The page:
Clapping has been banned at a Sydney primary school which has introduced "silent cheering", "pulling excited faces" and "punching the air" to respect students who are "sensitive to noise".
The school now only allows its pupils "to conduct a silent cheer" when prompted by teachers and says the practice "reduces fidgeting".
Elanora Heights Public School, which is on Sydney's northern beaches, announced its new "silent cheer" policy in its latest school newsletter.
The latest example of a political correctness outbreak in Australian schools, which have banned hugging, singing Christmas carols, celebrating Australia Day and singing the word "black" in the nursery rhyme "baa baa black sheep".
The ban on clapping at Elanora Heights Primary School emerged on the same day that an exclusive girls school banned teachers from calling "ladies" or "women" in favour of "gender-neutral" terms.
In its July 18 newsletter, the Elanora school has published an item under the headline "Did you know" that "our school has adopted silent cheers at assembly's" (sic).
If you've been to a school assembly recently, you may have noticed our students doing silent cheers.
Instead of clapping, the students are free to punch the air, pull excited faces and wriggle about on the spot.
The practice has been adopted to respect members of our school community who are sensitive to noise.
When you attend an assembly, teachers will prompt the audience to conduct a silent cheer if it is needed.
Teachers have also found the silent cheers to be a great way to expend children's energy and reduce fidgeting.
The ban follows a direction at exclusive Cheltenham Girls High School in northwest Sydney for teachers to avoid discrimination and support LGBTI students by avoiding the words "girls", "ladies" or "women".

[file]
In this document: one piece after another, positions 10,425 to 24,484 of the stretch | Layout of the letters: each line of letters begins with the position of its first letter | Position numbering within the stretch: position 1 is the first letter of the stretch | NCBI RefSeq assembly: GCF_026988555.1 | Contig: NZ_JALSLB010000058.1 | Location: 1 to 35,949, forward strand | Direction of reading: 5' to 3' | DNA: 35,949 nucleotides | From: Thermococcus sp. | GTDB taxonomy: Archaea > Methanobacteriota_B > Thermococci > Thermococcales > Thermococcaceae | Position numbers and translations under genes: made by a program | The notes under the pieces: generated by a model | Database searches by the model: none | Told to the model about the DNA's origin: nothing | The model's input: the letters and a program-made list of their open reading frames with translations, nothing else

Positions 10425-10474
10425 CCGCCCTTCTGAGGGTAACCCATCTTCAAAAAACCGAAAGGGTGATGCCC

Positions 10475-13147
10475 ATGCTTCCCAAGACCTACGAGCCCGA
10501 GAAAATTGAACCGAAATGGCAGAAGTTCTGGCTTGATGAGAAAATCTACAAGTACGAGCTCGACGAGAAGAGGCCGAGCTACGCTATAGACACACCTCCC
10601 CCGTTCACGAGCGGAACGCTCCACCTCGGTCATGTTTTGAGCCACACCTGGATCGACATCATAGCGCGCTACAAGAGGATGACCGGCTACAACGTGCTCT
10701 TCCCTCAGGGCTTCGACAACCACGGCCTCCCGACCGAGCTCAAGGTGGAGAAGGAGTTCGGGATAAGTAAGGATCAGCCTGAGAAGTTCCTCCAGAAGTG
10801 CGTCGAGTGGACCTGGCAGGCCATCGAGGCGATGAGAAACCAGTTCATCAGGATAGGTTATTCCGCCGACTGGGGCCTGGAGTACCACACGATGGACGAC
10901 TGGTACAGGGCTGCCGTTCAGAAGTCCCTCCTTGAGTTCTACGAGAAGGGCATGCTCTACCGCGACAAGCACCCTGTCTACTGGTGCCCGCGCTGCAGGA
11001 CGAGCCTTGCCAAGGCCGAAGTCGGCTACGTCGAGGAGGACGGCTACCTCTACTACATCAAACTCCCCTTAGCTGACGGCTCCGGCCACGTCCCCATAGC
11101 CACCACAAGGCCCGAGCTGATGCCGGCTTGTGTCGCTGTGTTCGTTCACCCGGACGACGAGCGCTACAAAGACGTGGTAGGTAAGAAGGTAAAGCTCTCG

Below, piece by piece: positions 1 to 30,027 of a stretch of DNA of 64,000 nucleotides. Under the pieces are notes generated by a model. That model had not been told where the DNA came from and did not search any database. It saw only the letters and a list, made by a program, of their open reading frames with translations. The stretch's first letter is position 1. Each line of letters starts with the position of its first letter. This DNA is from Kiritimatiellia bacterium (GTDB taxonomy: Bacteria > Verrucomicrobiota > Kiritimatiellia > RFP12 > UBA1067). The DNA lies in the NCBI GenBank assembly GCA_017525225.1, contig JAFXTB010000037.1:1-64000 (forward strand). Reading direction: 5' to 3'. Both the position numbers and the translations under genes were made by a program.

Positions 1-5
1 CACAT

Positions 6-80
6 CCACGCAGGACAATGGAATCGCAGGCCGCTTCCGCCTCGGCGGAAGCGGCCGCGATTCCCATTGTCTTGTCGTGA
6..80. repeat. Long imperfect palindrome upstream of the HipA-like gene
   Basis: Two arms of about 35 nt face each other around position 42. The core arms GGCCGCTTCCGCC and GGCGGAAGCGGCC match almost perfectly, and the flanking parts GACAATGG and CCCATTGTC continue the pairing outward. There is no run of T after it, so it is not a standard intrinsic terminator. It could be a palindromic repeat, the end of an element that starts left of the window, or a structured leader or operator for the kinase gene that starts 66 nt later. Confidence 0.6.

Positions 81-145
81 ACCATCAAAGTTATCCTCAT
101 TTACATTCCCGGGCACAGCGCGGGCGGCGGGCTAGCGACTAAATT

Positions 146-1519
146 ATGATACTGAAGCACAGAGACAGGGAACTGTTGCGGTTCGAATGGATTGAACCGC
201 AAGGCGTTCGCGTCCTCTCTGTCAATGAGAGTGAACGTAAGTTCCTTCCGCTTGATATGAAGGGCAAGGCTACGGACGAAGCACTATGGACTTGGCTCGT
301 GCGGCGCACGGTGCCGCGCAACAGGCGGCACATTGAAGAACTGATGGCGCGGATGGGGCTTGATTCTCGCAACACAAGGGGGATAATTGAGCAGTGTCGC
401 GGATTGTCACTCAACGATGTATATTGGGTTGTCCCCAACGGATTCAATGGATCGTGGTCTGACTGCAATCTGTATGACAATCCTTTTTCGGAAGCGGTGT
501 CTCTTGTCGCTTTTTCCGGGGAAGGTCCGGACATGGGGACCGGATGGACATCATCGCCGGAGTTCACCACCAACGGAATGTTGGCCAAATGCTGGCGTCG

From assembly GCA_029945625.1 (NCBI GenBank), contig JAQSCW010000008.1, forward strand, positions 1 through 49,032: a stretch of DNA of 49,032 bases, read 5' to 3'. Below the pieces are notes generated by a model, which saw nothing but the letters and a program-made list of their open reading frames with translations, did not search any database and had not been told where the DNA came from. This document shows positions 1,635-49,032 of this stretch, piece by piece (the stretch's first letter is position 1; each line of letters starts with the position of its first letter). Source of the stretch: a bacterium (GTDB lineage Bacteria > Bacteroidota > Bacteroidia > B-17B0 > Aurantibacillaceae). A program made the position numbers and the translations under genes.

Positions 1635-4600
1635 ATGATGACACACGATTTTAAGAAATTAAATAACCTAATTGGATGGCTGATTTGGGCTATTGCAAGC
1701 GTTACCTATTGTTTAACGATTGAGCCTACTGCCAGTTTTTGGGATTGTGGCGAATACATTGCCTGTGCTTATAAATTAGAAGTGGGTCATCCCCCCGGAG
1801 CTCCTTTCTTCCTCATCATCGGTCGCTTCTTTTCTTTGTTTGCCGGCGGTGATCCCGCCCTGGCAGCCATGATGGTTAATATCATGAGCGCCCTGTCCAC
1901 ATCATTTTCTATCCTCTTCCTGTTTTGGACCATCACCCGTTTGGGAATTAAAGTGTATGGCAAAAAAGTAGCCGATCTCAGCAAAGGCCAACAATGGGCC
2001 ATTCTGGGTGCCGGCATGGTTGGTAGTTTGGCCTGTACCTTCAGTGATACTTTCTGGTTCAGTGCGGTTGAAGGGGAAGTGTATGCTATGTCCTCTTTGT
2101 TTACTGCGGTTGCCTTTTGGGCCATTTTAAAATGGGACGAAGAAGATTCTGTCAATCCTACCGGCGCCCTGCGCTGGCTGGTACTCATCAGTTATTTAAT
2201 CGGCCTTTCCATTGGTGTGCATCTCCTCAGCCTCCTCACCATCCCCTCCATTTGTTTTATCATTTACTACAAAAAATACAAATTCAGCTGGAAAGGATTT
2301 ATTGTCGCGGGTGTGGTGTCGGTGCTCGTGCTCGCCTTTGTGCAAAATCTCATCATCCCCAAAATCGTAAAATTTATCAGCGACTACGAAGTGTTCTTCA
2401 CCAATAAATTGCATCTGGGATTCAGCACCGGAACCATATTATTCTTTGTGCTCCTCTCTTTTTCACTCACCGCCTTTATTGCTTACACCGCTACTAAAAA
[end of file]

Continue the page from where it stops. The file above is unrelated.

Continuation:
The measure followed the introduction of the Safe Schools anti-bullying program and teachers were told at a meeting if they did not comply they could be deemed homophobic and breaking the law.
The school also has a "Queer-Straight alliance" club and holds gender equality events such as Wear it Purple Day.
Last month, it lowered the Aboriginal flag to raise the rainbow flag at half-mast following the attack on a gay nightclub in Orlando, Florida.
Local MP Damien Tudehope told the Daily Telegraph that parents feared their daughters might be ostracised if they didn't comply with Rainbow Day and Purple Day.
Elanora Heights Public School's ban on clapping in favour of silent cheering comes after several schools have banned hugging.
In April, hugging was banned at a Geelong primary school and children were told to find other ways to show affection.
St Patricks Primary School principal John Grant said "nothing in particular" had caused hugging to be replaced by high fiving or "a knuckle handshake".
"But in this current day and age we are really conscious about protecting kids and
teaching them from a young age that you have to be cautious," Mr Grant said.
He said he had spoken to teachers about his decision to ban hugging and then the teachers had spoken to classes, instructing the children on different methods of showing affection. He had not sent any correspondence home to parents but said there would now be a letter going home on Monday.
"There's a range of methods including a high five or a particular knuckle handshake where they clunk knuckles as a simple way of saying 'well done'," Mr Grant said. "There are also verbal affirmations and acknowledgments."
Children at the school have been enthusiastic huggers, he said, with hugs given out to teachers and other children.
"We have a lot of kids who walk up and hug each other and we're trying to encourage all of us to respect personal space," Mr Grant said. "It really comes back to not everyone is comfortable in being hugged."
Comment from Elanora Heights Public School about the clapping ban has been sought by news.com.au.